'Once More,' Passing The Torch To One And All
Originally published on Mon August 13, 2012 9:14 am
Representing Europe in NPR's Poetry Games is Slovenian poet Ales Steger. Steger's first work translated into English, The Book of Things, won last year's Best Translated Book Award for Poetry. The translator was poet Brian Henry, who also translated Steger's Olympic poem, "Once More."
Henry explains that the phrase "tralala oompah" in the poem approximates the Slovenian expression "tralala hopsasa," which "is meant to combine the airiness of 'tralala' with a plodding, folksy rhythm ('oompah' is the closest equivalent in English to 'hopsa,' an onomatopoeic sound of the brass instruments used in Slovenian folk music)."
Henry continues: "In a way, the poem is calling for everyone (including 'bankers with pacemakers') to participate in the Olympics, and for the Olympics to affect everyone. I think the poem is a lightly humorous call to action (reinforced by the title, which would be translated as 'Encore' if the poem were translated into French)."
RENEE MONTAGNE, HOST:
More verse now, because every day this week, we're hearing competitors in our Poetry Games, MORNING EDITION's celebration of the Olympics in verse.
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MONTAGNE: Today, competing from Slovenia, poet Ales Steger, who found inspiration in Olympic diver Greg Louganis. Louganis famously suffered a concussion during a dive at the 1988 Olympic Games in Seoul. He went on to win two gold medals there. Louganis also won gold in Los Angeles and silver in Montreal. Ales Steger's award-winning poetry is translated by fellow poet Brian Henry. He says the poem, titled "Once More," is a call to action for everyone to participate in the Olympics, and for the Olympics to affect everyone. Here, Brian Henry reads Ales Steger's entry into the Poetry Games.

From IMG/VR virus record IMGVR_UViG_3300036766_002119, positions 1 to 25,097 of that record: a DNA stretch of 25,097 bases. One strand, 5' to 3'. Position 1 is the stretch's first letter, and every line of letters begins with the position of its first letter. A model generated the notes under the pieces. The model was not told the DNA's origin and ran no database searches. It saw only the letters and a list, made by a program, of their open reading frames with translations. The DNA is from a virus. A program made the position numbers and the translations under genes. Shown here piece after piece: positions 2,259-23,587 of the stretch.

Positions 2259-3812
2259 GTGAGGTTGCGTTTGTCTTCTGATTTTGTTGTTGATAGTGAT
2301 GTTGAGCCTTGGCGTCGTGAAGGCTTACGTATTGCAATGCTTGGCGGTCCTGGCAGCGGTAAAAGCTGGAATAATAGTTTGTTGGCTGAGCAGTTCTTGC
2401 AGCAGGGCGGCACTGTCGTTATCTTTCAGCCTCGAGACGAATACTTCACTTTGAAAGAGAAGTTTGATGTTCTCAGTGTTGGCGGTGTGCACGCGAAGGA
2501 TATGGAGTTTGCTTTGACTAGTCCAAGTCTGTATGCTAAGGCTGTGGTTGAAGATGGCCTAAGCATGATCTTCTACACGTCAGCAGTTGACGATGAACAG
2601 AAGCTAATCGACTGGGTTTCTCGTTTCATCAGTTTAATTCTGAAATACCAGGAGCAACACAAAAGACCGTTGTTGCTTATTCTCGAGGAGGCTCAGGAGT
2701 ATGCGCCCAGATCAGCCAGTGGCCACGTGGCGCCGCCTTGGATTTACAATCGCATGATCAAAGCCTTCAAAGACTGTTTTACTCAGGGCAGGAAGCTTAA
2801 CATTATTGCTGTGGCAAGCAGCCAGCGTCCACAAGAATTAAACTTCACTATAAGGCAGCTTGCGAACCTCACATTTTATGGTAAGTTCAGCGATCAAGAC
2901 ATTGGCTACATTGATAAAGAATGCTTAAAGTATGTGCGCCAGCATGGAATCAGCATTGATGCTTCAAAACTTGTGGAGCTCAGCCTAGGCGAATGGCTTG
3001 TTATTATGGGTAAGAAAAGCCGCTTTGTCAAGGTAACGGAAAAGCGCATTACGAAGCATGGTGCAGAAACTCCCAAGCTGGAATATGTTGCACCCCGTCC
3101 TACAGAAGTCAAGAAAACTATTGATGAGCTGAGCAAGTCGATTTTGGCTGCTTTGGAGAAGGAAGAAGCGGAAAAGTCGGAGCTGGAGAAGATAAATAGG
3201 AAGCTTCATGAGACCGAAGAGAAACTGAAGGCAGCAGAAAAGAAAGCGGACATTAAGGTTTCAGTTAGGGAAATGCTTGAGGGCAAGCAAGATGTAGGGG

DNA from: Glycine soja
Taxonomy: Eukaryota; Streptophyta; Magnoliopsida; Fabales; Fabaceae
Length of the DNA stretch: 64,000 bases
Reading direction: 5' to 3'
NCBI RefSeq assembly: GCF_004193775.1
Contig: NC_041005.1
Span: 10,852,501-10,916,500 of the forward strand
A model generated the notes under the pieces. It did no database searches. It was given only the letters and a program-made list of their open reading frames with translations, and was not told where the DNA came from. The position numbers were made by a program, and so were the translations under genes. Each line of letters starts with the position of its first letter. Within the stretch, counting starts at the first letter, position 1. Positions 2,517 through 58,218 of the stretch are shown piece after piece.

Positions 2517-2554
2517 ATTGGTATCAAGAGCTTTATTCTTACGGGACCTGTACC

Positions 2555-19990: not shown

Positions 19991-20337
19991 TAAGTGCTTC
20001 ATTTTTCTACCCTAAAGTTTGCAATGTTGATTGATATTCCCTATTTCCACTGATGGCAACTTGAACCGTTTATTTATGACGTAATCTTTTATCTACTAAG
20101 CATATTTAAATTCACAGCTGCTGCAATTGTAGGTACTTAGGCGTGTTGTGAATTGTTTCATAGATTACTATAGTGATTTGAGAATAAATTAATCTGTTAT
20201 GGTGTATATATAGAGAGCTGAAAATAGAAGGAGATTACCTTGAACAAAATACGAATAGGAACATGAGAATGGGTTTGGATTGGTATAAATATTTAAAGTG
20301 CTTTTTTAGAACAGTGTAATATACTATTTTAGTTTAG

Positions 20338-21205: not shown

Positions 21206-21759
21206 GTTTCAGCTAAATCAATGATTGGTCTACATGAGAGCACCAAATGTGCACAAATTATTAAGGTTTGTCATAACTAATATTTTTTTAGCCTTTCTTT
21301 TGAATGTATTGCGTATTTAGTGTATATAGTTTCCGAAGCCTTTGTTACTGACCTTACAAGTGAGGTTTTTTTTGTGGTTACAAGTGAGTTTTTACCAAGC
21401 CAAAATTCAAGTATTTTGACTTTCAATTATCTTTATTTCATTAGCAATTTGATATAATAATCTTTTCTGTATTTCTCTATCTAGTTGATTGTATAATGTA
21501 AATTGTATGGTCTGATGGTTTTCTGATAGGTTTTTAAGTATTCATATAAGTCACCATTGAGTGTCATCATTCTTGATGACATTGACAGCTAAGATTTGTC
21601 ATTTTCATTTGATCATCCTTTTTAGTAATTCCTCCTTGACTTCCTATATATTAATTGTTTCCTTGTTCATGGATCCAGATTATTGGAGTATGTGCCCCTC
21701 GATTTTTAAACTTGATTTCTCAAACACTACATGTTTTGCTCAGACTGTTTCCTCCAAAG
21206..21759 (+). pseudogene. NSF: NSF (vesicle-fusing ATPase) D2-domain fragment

BRIAN HENRY: "Once More." (Reading) If a great idea is translated into a body, then Greg Louganis is an Einstein. If a body is translated into a great idea, Einstein is tralala oompah. Which gods do chess grandmasters dream about? It is time, my love. We all participate in this outrageous activity. Let bankers with pacemakers run the marathon. Let naked sumo wrestlers decide our common fate. Let us pierce the concrete with our heads. Every time, it's a top score, and we are in no hurry to get anywhere.
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MONTAGNE: Ales Steger's poem "Once More," coming to us from Slovenia. Five days, five poems from around the world. Listen to them all at npr.org, where you can vote on the poem you think deserves the gold. We'll announce the winner next week. Transcript provided by NPR, Copyright NPR.